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Old Dec 30, 2005, 2:33 PM   #6
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I think he is probably taking these pictures under artificial light, though. In that case, you would probably have to make some adjustment. Like I said I never have fooled with it. I often thought that the auto should take care of it, but I would probably go manual. Since peering through any surface, seems to disturb the auto focus somewhat.

That little filter program I use does pretty good, in some cases. But like a real polarizer it depends on the amount, and direction of the glare. I have had it to do just as well, on some shots as a real filter.
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Old Jan 5, 2006, 8:26 AM   #7
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These photos ( on my site) were taken with " natural light" ( not the beer)
BUT.
Its inside of a shade house, under 63% shade.
Once that sun gets high in the sky the glare still makes its way throught.
I reckon I'll grab a LARGE pair of wrap around glasses, cut the flattest portion out, glue it to a stick and hold it in front of the lens.
OR
...maybe talk to my opthamologist and get him to make me a perfectly flat glass lens ( and glue it to a stick) LOL :roll:
Thanks guys... I'll let you know after trying all of the options posted and my goofy ideas.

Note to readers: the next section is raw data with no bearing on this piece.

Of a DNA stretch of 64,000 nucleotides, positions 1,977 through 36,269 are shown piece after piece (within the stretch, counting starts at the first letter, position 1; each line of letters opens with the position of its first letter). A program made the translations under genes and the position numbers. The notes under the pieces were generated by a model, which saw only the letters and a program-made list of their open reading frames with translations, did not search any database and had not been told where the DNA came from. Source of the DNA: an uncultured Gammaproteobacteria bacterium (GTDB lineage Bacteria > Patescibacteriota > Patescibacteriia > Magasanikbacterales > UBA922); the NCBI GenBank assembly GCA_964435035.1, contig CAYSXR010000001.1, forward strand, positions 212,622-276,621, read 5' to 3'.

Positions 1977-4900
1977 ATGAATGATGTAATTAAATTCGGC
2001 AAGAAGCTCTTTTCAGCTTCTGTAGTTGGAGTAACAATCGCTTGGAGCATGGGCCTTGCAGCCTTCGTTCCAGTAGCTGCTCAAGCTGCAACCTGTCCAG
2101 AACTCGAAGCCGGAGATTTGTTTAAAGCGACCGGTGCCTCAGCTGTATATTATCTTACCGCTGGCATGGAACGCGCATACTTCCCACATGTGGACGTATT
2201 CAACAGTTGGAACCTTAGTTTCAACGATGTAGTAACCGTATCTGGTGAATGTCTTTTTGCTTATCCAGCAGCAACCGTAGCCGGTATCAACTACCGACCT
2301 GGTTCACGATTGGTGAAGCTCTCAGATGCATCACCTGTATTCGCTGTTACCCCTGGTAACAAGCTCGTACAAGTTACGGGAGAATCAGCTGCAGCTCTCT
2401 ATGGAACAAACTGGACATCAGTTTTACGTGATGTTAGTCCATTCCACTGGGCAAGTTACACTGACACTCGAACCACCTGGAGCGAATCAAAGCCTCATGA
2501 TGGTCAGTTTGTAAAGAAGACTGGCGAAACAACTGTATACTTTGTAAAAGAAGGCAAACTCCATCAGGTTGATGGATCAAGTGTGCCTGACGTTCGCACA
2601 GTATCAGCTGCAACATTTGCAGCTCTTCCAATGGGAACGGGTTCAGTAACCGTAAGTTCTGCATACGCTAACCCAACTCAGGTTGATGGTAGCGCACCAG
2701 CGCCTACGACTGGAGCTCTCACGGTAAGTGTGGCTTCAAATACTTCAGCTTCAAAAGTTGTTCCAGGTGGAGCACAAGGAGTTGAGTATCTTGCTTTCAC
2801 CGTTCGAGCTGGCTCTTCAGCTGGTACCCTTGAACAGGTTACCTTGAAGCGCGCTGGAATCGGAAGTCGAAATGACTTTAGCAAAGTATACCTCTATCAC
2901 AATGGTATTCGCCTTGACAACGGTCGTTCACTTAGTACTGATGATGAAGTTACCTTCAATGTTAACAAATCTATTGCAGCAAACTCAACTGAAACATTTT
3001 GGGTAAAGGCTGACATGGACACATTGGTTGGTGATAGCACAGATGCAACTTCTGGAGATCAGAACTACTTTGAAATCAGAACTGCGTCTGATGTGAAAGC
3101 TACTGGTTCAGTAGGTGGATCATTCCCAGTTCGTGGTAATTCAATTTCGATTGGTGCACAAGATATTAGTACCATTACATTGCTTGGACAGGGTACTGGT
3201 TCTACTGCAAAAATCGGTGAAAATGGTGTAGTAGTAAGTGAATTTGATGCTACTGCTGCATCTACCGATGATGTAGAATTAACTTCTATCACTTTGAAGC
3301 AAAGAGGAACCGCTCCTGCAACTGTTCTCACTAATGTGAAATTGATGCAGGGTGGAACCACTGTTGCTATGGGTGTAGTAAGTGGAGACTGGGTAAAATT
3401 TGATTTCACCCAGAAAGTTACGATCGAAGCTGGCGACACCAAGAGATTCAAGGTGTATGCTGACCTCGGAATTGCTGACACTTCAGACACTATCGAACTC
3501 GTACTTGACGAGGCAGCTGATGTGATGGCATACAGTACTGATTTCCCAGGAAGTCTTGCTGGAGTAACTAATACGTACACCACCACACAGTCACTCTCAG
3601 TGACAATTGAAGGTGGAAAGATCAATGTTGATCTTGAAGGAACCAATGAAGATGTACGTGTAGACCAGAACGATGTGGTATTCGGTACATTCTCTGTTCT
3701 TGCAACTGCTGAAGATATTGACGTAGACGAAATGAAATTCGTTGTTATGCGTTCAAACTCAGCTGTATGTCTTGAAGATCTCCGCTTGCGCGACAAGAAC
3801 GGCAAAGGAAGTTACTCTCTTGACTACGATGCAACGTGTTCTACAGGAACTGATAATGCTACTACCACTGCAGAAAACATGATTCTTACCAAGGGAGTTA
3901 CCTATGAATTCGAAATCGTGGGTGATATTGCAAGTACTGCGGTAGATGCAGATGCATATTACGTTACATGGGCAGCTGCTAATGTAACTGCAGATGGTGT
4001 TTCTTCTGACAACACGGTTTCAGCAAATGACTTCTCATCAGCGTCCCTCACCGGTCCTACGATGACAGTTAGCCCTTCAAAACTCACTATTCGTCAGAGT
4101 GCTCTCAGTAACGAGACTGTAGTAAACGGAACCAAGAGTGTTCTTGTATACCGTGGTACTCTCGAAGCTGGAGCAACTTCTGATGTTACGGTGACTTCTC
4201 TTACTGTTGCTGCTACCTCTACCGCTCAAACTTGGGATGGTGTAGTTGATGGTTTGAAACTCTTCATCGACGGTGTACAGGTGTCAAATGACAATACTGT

Take care.\
Doug ( Blammo)

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Old Jan 8, 2006, 2:48 PM   #8
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I printed this and took it to.." cringe" The glasses dude at Walmart.. LOL.. He's a smart, redneck type, guy and ordered me a paper thin polar lens at .920 inch O.D..
I did machine work for many years, so I 'm spinning up a thin aluminum flange to be attached to the camera body via VELCRO... :-)
The glass will be attached to the flange, within a turned recess, via threaded plastic set screws going through the aluminum flange.
It's a pain in the azz.. BUT.. I like the little camera and carry it like one would carry a pocket knife or cell phone...EVERYWHERE.
So if I can get it to play " double duty" , I will.
If I fail ? I'll bust out the wallet and get whatever it might take to accomlish perfect photos of my fish !

Thanks slipe.. you're on the ball with the linkage!
You are as camera nutz as I am fish nutz !

I'll keep you guys posted.. If nothing else, it'll be fun to try.
Take care.
Doug
zkoi dot com